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Wind, not rain more a weekend factor at Open

By Mercer BaggsJuly 20, 2018, 6:39 pm

CARNOUSTIE, Scotland – After a half-day of rain in Round 2 of the 147th Open Championship, the weekend offers a much drier forecast.

Saturday at Carnoustie is projected to be mostly cloudy with a high of 62 degrees and only a 20 percent chance of rain.

Full-field scores from the 147th Open Championship

Full coverage of the 147th Open Championship

Sunday calls for much warmer conditions, with temperatures rising upwards of 73 degrees under mostly cloudy skies.

Wind might be the only element the players have to factor in over the final 36 holes. While the winds will be relatively calm on Saturday, expected around 10-15 mph, they could increase to 25 mph in the final round.

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Van Rooyen holes putt after ball-marker ruling

By Ryan LavnerJuly 20, 2018, 4:50 pm

CARNOUSTIE, Scotland – Erik van Rooyen was surveying his 10-footer for par, trying to get a feel for the putt, when his putter slipped out of his hand and dropped onto his ball marker.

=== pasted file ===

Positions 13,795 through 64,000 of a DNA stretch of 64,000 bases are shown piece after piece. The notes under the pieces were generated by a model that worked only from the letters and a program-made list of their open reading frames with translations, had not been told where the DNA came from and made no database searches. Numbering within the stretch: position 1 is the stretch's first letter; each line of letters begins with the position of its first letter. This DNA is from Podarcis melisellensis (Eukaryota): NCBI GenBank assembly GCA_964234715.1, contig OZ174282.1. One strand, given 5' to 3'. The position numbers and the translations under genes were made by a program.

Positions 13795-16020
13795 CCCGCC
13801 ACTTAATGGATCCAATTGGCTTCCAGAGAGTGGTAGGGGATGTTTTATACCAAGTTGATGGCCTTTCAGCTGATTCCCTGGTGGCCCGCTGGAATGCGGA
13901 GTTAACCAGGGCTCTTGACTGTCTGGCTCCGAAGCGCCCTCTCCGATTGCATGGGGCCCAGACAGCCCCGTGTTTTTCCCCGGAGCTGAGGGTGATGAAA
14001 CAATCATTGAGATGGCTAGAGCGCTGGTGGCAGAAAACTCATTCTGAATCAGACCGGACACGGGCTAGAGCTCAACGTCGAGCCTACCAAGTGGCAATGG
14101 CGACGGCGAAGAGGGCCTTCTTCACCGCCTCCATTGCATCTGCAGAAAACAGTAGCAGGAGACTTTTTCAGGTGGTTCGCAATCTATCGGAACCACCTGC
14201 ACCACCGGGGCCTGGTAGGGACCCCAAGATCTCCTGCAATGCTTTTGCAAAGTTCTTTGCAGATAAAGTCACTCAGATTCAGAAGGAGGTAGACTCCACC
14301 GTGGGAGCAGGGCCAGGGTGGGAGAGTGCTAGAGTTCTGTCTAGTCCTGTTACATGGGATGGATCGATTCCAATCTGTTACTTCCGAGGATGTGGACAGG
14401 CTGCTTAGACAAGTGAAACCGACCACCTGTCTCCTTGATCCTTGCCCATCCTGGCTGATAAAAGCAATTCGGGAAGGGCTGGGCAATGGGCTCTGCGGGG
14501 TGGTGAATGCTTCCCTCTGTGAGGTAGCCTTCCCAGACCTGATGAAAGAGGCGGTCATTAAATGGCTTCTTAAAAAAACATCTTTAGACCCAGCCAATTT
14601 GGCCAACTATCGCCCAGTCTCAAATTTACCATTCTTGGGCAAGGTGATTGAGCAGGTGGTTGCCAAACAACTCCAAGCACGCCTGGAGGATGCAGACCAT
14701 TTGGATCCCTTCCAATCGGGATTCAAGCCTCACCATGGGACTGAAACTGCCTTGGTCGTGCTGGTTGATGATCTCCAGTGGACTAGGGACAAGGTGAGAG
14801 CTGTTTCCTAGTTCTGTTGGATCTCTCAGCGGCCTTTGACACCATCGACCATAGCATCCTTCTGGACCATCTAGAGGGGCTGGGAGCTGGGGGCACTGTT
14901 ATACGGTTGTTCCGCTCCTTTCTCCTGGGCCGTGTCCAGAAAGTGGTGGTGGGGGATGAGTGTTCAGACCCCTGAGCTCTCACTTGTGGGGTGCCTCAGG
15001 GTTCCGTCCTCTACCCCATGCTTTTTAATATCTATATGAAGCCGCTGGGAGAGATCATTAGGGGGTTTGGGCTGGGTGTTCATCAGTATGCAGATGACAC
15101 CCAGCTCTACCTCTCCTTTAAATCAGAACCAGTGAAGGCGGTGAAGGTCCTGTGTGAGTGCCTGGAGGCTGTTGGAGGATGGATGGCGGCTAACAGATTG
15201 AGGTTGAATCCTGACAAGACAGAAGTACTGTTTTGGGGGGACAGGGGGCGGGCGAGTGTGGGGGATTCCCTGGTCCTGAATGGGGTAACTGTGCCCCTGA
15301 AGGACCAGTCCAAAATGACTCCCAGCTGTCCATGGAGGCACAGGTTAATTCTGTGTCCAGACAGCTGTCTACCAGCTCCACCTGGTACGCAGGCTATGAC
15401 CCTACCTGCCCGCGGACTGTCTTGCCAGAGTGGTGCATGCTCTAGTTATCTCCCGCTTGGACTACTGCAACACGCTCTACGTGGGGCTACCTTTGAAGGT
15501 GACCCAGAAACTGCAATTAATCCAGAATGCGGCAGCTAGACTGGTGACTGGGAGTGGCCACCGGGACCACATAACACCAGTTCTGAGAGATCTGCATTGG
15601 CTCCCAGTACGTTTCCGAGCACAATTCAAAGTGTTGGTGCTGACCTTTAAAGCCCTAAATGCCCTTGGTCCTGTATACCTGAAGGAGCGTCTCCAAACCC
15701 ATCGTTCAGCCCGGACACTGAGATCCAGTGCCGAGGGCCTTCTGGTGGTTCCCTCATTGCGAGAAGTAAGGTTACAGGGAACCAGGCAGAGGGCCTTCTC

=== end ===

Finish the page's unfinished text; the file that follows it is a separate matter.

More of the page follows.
The question, then, was whether that accident caused his coin to move.

The rules official looked at various camera angles but none showed definitively whether his coin moved. The ruling was made to continue from where his coin was now positioned, with no penalty.

Full-field scores from the 147th Open Championship

Full coverage of the 147th Open Championship

This was part of the recent rules changes, ensuring there is no penalty if the ball or ball maker is accidently moved by the player. The little-used rule drew attention in 2010, when Ian Poulter accidentally dropped his ball on his marker in Dubai and wound up losing more than $400,000 in bonus and prize money.

After the delay to sort out his ruling Friday, van Rooyen steadied himself and made the putt for par, capping a day in which he shot even-par 71 and kept himself in the mix at The Open. He was at 4-under 138, just two shots off the clubhouse lead.

“I wanted to get going and get this 10-footer to save par, but I think having maybe just a couple minutes to calm me down, and then I actually got a different read when I sat down and looked at it again,” he said. “Good putt. Happy to finish that way.”